I think the biggest and easiest thing to change in my mom’s lifestyle is her exercise routine, or rather, the lack thereof. We usually walk around in our backyard after dinner for 15-20 minutes and stroll around the mall for a few hours on weekends, but that’s the extent of her cardio activity (I’m not sure how much five minutes of qi gong in the morning counts). Most of my mom’s evening (besides cooking dinner) is spent sitting on the couch watching Chinese soap operas or Taiwanese news/politics on TV.

Thus, because I’m the “mini-doctor” in the family (I’m not the doctor in the family, which will be my brother in two years, but I’ve always been interested in taking care of everyday health issues), I’m trying to learn more about how to deal with high cholesterol and come up with an exercise plan to which my parents can actually stick. If I’m going to help my mom get into shape, I may as well help my dad too. Hopefully I can get myself back into shape in the process.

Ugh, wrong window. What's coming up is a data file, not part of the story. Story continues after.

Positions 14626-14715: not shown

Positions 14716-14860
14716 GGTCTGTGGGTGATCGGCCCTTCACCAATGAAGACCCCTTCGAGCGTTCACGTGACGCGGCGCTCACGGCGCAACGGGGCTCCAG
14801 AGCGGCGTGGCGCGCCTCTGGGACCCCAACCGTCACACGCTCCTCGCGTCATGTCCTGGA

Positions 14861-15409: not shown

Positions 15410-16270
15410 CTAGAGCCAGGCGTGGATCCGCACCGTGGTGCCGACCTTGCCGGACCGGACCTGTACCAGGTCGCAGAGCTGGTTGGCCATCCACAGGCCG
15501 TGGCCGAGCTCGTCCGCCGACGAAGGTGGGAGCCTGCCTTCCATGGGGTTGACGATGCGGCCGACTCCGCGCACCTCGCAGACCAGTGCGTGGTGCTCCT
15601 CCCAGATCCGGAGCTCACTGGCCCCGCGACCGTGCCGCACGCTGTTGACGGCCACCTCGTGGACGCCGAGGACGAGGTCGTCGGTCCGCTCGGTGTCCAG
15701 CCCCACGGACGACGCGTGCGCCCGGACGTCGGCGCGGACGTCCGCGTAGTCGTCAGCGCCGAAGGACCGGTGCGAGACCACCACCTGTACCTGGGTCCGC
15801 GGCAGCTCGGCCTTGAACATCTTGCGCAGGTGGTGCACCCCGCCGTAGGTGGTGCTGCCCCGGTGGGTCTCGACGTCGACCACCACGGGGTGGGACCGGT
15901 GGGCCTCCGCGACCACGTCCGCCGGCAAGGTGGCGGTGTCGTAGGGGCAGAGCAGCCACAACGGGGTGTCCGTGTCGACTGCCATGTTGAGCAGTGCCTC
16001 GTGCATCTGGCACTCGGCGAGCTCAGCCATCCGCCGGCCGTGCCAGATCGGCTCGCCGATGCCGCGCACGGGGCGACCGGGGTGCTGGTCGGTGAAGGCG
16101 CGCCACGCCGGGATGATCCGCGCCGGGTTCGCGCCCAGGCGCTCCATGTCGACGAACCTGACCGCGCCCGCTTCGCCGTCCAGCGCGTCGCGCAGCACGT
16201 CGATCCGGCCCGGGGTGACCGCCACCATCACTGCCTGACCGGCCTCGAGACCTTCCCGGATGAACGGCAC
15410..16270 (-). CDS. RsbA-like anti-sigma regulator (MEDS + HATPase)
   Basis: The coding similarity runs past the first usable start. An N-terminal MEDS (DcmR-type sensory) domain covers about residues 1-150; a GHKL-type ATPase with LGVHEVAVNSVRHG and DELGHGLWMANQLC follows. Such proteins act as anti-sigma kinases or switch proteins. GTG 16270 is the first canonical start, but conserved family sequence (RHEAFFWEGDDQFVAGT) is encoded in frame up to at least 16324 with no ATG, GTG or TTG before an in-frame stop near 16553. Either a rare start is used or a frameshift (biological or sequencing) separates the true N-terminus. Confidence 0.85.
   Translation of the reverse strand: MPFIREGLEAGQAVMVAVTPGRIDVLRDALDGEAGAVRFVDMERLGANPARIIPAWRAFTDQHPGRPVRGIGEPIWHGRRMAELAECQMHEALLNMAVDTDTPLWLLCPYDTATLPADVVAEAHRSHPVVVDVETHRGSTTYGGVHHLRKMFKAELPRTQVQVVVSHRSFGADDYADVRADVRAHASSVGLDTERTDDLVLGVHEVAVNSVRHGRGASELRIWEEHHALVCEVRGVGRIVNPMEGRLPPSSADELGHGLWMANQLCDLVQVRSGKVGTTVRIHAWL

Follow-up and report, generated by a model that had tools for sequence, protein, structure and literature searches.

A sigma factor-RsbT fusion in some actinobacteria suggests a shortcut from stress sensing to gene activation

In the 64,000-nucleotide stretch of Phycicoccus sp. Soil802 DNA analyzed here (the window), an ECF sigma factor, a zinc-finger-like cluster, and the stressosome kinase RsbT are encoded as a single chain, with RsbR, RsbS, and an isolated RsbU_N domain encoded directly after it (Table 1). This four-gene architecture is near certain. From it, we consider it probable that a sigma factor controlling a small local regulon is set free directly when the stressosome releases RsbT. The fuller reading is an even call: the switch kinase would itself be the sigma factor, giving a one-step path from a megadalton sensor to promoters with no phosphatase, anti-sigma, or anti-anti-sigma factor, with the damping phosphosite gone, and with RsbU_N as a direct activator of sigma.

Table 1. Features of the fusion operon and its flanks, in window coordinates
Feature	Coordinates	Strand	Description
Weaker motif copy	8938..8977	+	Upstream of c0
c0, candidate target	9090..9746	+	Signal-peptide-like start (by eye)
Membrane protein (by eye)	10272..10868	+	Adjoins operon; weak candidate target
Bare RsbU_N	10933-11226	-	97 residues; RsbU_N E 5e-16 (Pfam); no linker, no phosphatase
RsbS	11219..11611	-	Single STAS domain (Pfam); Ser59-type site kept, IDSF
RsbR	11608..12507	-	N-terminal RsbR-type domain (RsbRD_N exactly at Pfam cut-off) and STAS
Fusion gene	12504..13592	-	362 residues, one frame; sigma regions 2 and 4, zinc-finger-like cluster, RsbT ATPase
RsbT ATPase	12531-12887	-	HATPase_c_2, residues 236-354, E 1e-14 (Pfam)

Forced Exercise

In an effort to get started on my New Year’s resolutions, I went to the gym over the weekend. As I expected, I wasn’t very into it. I did a little strength training, a little ab work, and then spent 20 minutes on an elliptical trainer.

I used to be really into working out. I would go four times a week and always try to beat my own record for how long I could stay on the elliptical trainer. This time, the 20 minutes I did felt forced and ultimately unproductive.